Anything Mother Nature makes she can break and eventually wash it out to sea. The Earth’s maximum terminator is (drum roll please) water. Water can break down and dissolve everything given enough time. Water is patient – it’s been around for over four billion years – today and tomorrow – our lifetime aren’t even a tick of a clock. Over the course of a year enough people die from water related diseases to populate Los Angeles. Ten times more people who aren’t on boats die from un-intentional drowning than those who fall overboard or go down with the ship and drown. Ninety nine point nine, nine, nine percent of boaters never have near death experiences aboard boats. That’s why it’s a recreation – we make good times on, in, and with water.
According to lore, “what the sea wants, the sea will have.” Oversized egos make some people think the sea wants them more than life. They are terrified of drowning. There’s not a sailor who hasn’t had a white knuckled, green cheeked passenger who panicked every time the boat heeled or bucked a wave. I’ve never thought of reassuring such friends that they have a better chance of drowning on land than drowning while cruising. Besides, the adrenaline rush is part of the “90% boredom -10% sheer terror” sailing experience. As captain, my job is to project reassuring confidence as they cling to an extra PFD, and whisper the Hail Mary. Sometimes splitting the main brace is all they need to relax.
Water is patient. One of the informal laws of nature is that anything Mother Nature makes she can darn well break. She often uses water as the Terminator of choice. Floods, dirty water, droughts, mudslides, tsunamis are weapons of mass destruction. Is it any surprise then, when a sailor fails to take care of the boat – water is going to make a stealth attack and claim the booty as Davy Jones’ very own?
Such was the recent fate of a boat in our harbor. It had been an eyesore for years, collecting wasps, rotting ropes and canvas, breeding mosquitoes, pleading for a restoration. The frozen river bludgeoned her brittle hull, icy tendrils of the silent current breached and violated her to the point of surrender – her anguish silenced as she sunk.
That is a sad boat story. There are happy tales that better capture the sense of why we love boating and savor time on the water. Underlying many of these yarns is a description of a “close call” in the balance between fun and fear. Which reminds me…
We first met our son’s in laws for a day cruise aboard a rented sailboat in San Diego Harbor. Midway across the bay smoke started to billow from the engine compartment. I calmly suggested it was a great time to see how the life jackets fit and test the ship to shore radio by asking if anyone knew it was May Day. Peter, (the father in law) an experienced sailor and an engineer caught on immediately. He calmly opened the engine cover and examined the diesel engine while I grabbed a fire extinguisher (and George – oblivious to the situation – or perhaps because of – grabbed a beer). The problem was water – not fire – there was so much water in the bilge the heat of the engine was creating a plume of steam. He flipped on the bilge pump – George grabbed another beer and Linda snapped great pictures of the Coast Guard, Boat US and the harbor crew coming to the rescue. Water had it’s way into our boat – but we had a way off. We limped back to shore (with the automatic bilge pump cranking) – hopped on another bareboat, hoisted sails, cracked open a bottle of wine and negotiated the number of goats for the dowry.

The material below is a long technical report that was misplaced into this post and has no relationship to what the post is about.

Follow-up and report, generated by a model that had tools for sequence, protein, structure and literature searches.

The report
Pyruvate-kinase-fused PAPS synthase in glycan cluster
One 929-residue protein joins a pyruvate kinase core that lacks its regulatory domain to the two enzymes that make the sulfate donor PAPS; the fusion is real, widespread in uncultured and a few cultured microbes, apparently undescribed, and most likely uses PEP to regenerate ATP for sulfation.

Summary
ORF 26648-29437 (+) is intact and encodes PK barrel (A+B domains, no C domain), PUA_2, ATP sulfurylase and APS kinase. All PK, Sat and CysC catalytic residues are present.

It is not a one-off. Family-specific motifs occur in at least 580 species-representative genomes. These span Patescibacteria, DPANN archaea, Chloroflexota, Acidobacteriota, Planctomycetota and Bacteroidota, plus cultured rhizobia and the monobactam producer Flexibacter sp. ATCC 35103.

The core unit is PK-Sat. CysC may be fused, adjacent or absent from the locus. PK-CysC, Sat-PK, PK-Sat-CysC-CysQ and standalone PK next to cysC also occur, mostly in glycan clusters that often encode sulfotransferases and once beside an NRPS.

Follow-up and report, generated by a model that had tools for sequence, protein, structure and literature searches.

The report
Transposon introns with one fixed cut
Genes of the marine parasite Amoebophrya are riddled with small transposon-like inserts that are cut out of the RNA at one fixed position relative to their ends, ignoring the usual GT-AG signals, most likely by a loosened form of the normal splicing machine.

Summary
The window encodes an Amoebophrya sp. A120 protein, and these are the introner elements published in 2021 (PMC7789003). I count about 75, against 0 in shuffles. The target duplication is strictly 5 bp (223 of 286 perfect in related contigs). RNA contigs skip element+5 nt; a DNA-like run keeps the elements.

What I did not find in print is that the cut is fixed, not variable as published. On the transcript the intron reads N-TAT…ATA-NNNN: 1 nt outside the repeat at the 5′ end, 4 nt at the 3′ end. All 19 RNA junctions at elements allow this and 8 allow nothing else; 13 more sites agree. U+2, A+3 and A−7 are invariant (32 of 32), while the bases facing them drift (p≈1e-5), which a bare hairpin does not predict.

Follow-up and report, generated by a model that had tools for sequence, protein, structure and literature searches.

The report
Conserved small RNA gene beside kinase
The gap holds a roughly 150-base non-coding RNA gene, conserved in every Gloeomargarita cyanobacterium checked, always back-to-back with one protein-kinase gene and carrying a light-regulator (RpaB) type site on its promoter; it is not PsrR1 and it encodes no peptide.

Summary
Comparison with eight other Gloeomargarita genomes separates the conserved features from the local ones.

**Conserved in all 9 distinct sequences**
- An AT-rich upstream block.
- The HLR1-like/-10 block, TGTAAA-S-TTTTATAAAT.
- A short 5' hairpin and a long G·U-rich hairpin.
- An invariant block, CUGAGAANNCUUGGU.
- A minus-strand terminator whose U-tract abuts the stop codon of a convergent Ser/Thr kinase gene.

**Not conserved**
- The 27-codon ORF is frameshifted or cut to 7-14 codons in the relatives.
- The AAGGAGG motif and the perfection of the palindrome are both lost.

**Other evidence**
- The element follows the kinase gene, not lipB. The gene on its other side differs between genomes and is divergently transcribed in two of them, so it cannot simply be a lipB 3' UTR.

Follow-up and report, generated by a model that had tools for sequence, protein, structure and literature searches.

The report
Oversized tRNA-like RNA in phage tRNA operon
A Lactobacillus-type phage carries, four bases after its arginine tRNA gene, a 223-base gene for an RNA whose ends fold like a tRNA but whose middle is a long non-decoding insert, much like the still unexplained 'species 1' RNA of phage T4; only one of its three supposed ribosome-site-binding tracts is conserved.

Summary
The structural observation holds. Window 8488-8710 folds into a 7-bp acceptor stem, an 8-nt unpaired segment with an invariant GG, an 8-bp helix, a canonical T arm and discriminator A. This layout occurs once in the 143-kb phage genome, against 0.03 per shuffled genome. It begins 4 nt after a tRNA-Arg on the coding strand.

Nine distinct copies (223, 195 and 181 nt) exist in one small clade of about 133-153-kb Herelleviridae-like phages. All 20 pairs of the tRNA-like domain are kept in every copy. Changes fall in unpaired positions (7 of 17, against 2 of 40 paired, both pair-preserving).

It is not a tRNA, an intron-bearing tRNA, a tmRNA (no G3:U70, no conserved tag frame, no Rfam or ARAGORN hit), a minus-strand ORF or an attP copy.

Boats are symbolic – they represent hopes, dreams, power, and purpose. The boat that sunk in our harbor was a forgotten dream by a neglectful owner. Some among us, consider this to be a relief – they won’t lose sleep over it’s demise. The boat, all 40 plus feet of it, will be refloated, towed away and scrapped. Yet, peering at her topsides a yard beneath the murky surface was deeply disturbing. The river must have a millions of deep secrets. This is what happens when boaters forget to respect water and honor a boat. Water wins.
If you ever come aboard one of my boats – relax. Trust my boat – we take good care of each other. I’ll bring along a bit of sanity, a pocket or so of seamanship, and an intense love of playing on water just to convince you that there is simply nothing better than, well you know, just messing about in boats. It’s a win – win – win for boats, boaters, and water.